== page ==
By Tara Schoenborn
Ecuadorian President Rafael Correa continues to wage war on his nation’s media as he moves to shut down the nation’s only independent organization dedicated to freedom of the press, Fundamedios.
Although the 2008 Ecuadorian Constitution acknowledges freedom of speech and expression, Correa has consistently attacked journalists and news outlets since his election in 2007. His first success, as reported by the International Business Times, occurred in 2012 when he won a libel case that convicted the four owners of one of the most widely circulated newspapers, El Universal.
The most damaging of Correa’s actions against the media is the 2013 Communications Law, according to Freedom House, which gives the government the authority to regulate media content. Known as the “Gag Law,” it was supposed to redistribute television and radio licenses evenly to promote equitable representation in the media. However, Reporters Without Borders says that the Correa administration is using the law to “control information and to stifle critical opinion.” Freedom House says the law is the reason Ecuador’s press status switched from “partly free” to “not free.” In fact, according to a former Ecuadorian journalist in The New York Times, Correa is a “self-declared enemy” of the independent news media. He not only appears on television every weekend to attack the “corrupt news media,” he also uses airtime to put down journalists and physically rip up newspapers.
In his latest attempt to control the media, the International Business Times reports that Correa used the eruption of volcano Cotopaxi on Aug. 14 to declare a “state of emergency” that grants him the power of censorship for up to 60 days, including over social networks. According to an article in Mongabay, a nonprofit environmental news service, this serves the dual purpose of ensuring the safety of Ecuadorian citizens and quelling the many political protests against the Correa administration by various indigenous and social groups.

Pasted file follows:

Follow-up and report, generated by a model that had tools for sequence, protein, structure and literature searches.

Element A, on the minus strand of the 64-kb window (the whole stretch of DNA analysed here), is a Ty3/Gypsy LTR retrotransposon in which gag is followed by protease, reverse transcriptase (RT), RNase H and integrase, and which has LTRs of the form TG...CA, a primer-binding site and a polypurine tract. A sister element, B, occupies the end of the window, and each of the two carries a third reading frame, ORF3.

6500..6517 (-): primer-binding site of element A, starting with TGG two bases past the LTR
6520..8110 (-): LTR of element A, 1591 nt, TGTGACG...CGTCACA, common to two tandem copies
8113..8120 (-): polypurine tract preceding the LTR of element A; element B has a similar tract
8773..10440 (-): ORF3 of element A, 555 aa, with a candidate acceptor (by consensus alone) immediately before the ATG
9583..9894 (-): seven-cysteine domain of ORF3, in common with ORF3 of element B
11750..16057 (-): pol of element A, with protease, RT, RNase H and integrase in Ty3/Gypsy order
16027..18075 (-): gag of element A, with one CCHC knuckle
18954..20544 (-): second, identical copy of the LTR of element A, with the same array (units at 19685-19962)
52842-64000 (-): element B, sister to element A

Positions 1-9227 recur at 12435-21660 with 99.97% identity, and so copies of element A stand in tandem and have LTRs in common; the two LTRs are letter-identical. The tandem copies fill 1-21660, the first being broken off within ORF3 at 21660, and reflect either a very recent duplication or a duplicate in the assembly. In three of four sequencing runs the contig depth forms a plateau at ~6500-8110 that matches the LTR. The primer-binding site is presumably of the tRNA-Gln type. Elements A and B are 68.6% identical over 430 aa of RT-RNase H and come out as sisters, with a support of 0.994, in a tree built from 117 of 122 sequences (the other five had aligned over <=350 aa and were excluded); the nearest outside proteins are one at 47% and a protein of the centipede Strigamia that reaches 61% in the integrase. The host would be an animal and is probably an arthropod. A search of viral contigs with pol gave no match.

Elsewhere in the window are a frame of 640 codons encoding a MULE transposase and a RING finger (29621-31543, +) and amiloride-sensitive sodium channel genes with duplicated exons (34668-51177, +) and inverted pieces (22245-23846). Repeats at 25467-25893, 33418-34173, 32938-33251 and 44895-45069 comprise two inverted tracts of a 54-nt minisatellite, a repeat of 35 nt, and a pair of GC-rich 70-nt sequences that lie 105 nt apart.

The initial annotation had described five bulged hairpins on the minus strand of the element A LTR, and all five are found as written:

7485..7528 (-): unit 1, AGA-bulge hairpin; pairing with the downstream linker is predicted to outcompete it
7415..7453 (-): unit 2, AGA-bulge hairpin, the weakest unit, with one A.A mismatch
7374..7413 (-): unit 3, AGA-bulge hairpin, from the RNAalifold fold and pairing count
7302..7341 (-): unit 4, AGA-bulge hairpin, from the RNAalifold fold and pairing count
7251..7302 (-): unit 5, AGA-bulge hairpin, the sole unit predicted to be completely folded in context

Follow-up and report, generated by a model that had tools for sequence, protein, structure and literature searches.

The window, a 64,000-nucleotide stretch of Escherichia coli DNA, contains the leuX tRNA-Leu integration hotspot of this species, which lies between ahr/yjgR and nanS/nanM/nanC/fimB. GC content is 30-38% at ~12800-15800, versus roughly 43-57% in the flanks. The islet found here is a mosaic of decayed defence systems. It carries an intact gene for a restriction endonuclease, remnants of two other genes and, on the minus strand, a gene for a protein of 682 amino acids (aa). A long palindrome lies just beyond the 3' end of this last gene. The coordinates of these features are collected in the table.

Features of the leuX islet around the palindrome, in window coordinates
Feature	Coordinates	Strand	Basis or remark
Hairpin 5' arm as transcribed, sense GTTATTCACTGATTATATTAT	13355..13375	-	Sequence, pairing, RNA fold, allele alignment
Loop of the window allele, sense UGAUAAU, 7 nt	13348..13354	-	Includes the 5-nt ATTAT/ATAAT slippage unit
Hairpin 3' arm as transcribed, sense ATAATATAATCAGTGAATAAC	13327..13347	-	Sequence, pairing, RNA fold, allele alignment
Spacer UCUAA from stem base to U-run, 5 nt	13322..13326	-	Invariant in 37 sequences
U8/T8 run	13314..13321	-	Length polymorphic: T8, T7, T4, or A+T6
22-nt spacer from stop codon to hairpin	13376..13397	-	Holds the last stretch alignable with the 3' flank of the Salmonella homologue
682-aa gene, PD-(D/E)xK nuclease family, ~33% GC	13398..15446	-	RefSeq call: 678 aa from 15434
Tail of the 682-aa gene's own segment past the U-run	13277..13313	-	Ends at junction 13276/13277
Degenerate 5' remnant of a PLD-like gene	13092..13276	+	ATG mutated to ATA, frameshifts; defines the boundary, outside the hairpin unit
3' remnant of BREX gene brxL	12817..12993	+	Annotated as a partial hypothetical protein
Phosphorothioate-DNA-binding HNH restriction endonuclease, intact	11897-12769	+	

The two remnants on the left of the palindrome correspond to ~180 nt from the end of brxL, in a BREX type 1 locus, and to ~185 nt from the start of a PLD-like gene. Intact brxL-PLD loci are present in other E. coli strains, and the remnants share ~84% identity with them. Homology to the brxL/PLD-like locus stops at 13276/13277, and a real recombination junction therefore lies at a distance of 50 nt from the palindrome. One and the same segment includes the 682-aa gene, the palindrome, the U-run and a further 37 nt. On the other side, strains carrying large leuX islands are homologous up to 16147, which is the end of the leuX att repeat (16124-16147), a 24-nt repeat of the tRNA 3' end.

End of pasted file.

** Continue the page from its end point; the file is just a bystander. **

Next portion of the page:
Under the declared “state of emergency,” the Correa administration’s National Secretariat of Communication (SECOM) sent a letter to Fundamedios, the country’s last-remaining media watchdog, to notify it of its dissolution. The Miami Herald reports that the administration claims that the U.S.-funded nongovernmental organization “has disseminated messages, alerts and essays with indisputable political overtones,” and has violated its own mission to only involve itself in “the areas of social communications and journalism.”
According to Telesur TV, there is evidence that Fundamedios has supported organizations opposed to Correa and issues unrelated to freedom of expression. However, the United Nations and international human rights organizations like the Human Rights Watch (HRW) are criticizing the Correa administration for what Daniel Wilkinson, HRW managing director for the Americas, says is “an egregious abuse of power and a clear example of this government’s authoritarian practices.” The U.S. Department of State has also expressed concern, as reported by the Associated Press, and has “called on Correa’s government to uphold its international commitments to respect free expression and association as fundamental democratic rights.”
Fundamedios has 10 days to defend itself against the Correa administration’s accusations, but according to the Latin Post, it is unlikely that it will be able to do so. The international news media are increasingly highlighting Correa’s violations against freedom of speech, so even if he succeeds in shutting down Fundamedios, the political and social implications for Ecuador may be vast when the 60-day “state of emergency” comes to an end.
Photograph by Luis Astudillo C. (Courtesy of Flickr: Agencia de Noticias ANDES)